British Fiction, 18001829

MURRAY, Hugh. Swiss Emigrants, The (1804)

Contemporary Reviews

Critical Review, 3rd ser. 1 (Mar 1804): 357–58.

A pleasing and interesting narrative—we can scarcely call it a tale, as this implies some degree of fiction. The whole is apparently from [357/358] the heart; and it will beguile the feeling mind of Pity’s softest drops.—Can wretches who have excited such miseries, continue to exist? Yes: such are the decrees of Providence. In the natural world we have volcanoes, earthquakes, and serpents: we have also— [this dash leads on to the following notice, which is for Hell Upon Earth, EN2 1804: 23]

Notes: Listed under ‘Monthly Catalogue: Novels’. Format: 12mo; price 4s. Boards. Publisher: Longman & Rees.

Flowers of Literature (1804): xliv-xlix.

The anonymous author of ‘The Swiss Emigrants,’ advantageously exhibits the happiness derivable from [xlvii/xlviii] beneficence, even in obscure stations, and gives such a picture of the miseries of continental war as must make us truly enviable of our insulated situation.

Notes: From ‘Introduction: Novelists’.

Monthly Review, 2nd ser. 44 (July 1804): 304–06.

The object of this well-told tale is at once to set forth the happiness which may be derived from the practice of beneficence in an humble and obscure sphere, and to exhibit a moving picture of the misery of which war is productive. The author does not favour us with the name of his hero, and therefore in speaking of him we shall denominate him Ignotus. We learn that this personage had spent his younger days in the army: that, on quitting the service, he married; and that the lovely partner of his joys lived only long enough to present him with a daughter. About the same time, misfortunes of another kind overtake him, which leave him so much reduced in circumstances, as not to be able to support the rank in which he had before appeared. He therefore quits the gaiety of a town life, and retires to Langen, a romantic village in the mountainous parts of the Canton of Berne; where, living on a competence, he employs himself in ameliorating the condition of its rude inhabitants, and in educating his child. His efforts are long attended with little success, but still he per-[304/305]severes. In time, Julia grows up, beautiful and accomplished, and is adored by the villagers. Under her fostering hand, the seeds sown by her father are rapidly matured. None resist the admonitions of Julia; the manners of the rustics are softened, their morals are improved, their comforts are increased, they become superior and happier beings. Meiners, a promising youth, living in a neighbouring town, had long visited in the family of Ignotus, who respected and loved him; and he at length declares himself the admirer of Julia. The match is approved on all sides: but at the meeting in which the period for the union of the lovers was fixed, the rumour of an approaching rupture between Helvetia and France is announced, and diffuses a temporary gloom over each countenance; though time, and a willing scepticism, concur to dissipate the alarm. Shortly afterward, Meiners re-appears, and confirms the sad intelligence, adding that hostilities had actually begun. Not a moment was now to be lost. The Langenites obey the call of Ignotus; under whose command, accompanied by Meiners, they set out for the field of honor. The tender-hearted Julia bids a heavy farewell to her parent and her lover: but she acts on the trying occasion in a manner worthy of herself, and submits with alacrity to the cruel separation which distracts her soul. The Langenites join the Bernese army just in time to engage in the bloody action that was to decide the fate of their common country; and the ingenuousness and firmness visible in their countenances induce the commander in chief to assign them a post of consequence. In the day of battle, they make a glorious stand against superior numbers and superior discipline united, but are finally mown down by the dreadful flying artillery of the enemy. Few of the brave Langenites survive the fatal day, Meiners is killed, and Ignotus is wounded dangerously, but not mortally; while Julia and those who had staid behind at Langen are obliged precipitately to fly, and to seek refuge at Coire. Ignotus, being in some degree recovered, is set at liberty, and allowed to proceed to the town which contains his Julia. He hears her welcome voice, and his eyes behold his beloved daughter: but alas! her faded form, and her pale and emaciated countenance, announce that she is in a deep decline. For a few short months, this unfortunate parent enjoys the society of his angelic child; each day of which only gave fresh and more clear notice of the cruel privation which he must speedily undergo. The hours of increasing melancholy soon pass over; the soul of Julia joins that of her lover; and to Ignotus are left the mournful reflections which he thus expresses:[305/306]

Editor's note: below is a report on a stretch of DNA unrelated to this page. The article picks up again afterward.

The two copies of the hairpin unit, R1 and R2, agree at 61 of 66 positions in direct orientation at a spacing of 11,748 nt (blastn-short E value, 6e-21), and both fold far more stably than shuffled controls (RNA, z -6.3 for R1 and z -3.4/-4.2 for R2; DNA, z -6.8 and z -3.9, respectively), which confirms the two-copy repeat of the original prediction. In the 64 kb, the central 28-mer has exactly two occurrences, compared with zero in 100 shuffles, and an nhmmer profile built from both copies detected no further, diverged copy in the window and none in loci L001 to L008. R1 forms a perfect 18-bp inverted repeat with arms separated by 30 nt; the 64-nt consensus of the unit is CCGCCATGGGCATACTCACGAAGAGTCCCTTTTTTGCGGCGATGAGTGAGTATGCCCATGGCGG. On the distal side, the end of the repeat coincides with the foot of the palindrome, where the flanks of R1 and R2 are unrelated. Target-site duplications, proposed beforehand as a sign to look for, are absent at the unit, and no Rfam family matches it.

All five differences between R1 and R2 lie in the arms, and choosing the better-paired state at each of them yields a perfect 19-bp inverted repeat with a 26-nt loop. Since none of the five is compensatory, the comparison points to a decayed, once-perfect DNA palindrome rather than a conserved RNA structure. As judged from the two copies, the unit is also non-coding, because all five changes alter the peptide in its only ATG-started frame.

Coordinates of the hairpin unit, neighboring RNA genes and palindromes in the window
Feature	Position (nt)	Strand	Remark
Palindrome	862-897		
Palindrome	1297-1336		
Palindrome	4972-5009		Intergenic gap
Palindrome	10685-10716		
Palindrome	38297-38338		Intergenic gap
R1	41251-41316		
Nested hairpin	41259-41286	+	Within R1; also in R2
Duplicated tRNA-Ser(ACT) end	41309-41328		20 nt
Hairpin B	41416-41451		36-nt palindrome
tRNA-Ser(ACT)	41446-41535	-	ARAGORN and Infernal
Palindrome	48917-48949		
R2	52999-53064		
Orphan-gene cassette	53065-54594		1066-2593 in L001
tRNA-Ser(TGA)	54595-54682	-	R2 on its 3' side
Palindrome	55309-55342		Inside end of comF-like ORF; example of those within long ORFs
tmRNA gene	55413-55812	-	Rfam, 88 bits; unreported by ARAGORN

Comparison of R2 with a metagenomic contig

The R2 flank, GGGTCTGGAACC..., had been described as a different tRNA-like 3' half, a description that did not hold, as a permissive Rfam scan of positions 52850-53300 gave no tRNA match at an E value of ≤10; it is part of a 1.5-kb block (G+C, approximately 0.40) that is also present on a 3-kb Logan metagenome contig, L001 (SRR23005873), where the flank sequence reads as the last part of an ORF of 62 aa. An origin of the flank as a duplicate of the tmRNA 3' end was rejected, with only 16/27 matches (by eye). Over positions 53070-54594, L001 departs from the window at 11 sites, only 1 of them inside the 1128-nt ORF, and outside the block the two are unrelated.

‘Meiners! Julia!—Of all, for whose sake chiefly I could have wished my life to be prolonged, I am destined to be the melancholy survivor. The grave now covers you from my eyes. But I have learned to penetrate its gloomy silence, and look into the regions that lie beyond; I have learned to anticipate there some future and more blissful re-union with those whom I love.

‘I mourn not, O Julia! over thy destiny. Thou art gone from this polluted scene to dwell in purer abodes, from which sorrow and guilt are for ever excluded. I mourn for myself alone; yet wherefore? since, worn out with age and sorrow, I too must quickly fall. I have only to find out some solitary retreat in which to lay down my head, and die in peace.’

Such is war, and such are the blessings which conquerors and warlike statesmen confer on humanity! Yet what a small corner in the wide field of devastation and misery, occasioned by one expedition only, does this volume describe! The most detailed relations of General Brune’s progress in Switzerland cannot include the desolation of Langen, nor notice the afflictions under which the aged shoulders of Ignotus now bent; and if such as these pages describe be the misery produced in one sequestered village in consequence of a single battle, what imagination can grasp the sum of that which was caused by the revolution, and all its sanguinary contests.

Notes: Format: 12mo. pp.126; price 4s. Boards. Publisher: Longman & Rees.